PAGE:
The article is from NYT : Christ Among the Partisans
here are my thoughts on it.
This debate within the EC and among evangelicals, and even those for/against the Hauerwasian mafia (or so called sectarians) is still raging, but necessary: does the Church have a politic of its own?
It seems that Wills has it exactly right, but has not gone far enough. He says, “There is no such thing as a "Christian politics." If it is a politics, it cannot be Christian. Jesus told Pilate: "My reign is not of this present order. If my reign were of this present order, my supporters would have fought against my being turned over to the Jews. But my reign is not here" (John ). Jesus brought no political message or program.”
This is exactly right from the perspective of the State, or the Institution/Government, or more properly, those with the Power. Jesus doesn’t have a Statist politics, a politics oriented principle toward the Powerful. But this doesn’t means that he is oriented solely toward heaven, or the other-worldly, but rather to the poor, powerless, disenfranchised. From the perspective of the State/Powerful, there is NO politics unless it is oriented toward the State. But Jesus claims that the State is not the only gig in town, and this infuriates those in power.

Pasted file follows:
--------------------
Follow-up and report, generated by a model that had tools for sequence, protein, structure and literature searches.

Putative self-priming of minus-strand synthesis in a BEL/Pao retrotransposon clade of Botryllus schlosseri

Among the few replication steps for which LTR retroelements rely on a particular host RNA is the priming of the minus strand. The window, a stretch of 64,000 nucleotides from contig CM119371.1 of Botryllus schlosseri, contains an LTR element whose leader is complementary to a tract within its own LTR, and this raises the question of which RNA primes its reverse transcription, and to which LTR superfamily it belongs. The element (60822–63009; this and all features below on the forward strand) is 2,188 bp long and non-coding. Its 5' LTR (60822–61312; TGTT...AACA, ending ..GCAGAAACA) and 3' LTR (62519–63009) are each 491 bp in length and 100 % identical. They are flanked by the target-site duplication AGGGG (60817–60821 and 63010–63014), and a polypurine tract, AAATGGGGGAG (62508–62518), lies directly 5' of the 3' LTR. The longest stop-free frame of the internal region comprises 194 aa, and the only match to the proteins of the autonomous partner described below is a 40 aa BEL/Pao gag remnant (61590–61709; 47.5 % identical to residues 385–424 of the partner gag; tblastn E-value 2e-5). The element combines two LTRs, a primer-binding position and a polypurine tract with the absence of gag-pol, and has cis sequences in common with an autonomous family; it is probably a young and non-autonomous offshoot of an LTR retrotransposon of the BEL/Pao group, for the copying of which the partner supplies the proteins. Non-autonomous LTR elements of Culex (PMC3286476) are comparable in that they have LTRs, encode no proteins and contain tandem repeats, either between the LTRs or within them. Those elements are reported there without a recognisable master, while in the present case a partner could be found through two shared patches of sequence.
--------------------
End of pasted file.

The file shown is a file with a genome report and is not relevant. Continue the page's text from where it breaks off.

He calls the very notion of ‘political’ into question, so that he can institute a true politics beyond the State/Powerful. But of course this get called all sorts of nasty names by the powerful (Sectarian, Fideistic, Abdication of Responsibility) by those holding State Power or those wishing to hold or influence State Power.
Of course Jesus’ politics need not be antithetical to State oriented politics, just as long as it doesn’t forget that State politics is not solely, or primarily the concern of the Church.
It seems Will is right in saying that the ability of the State to secure justice will always fall short of the Christ’s injunction to display love. But if the State cannot unity justice and love, surely the Church can, and should, according to any means available.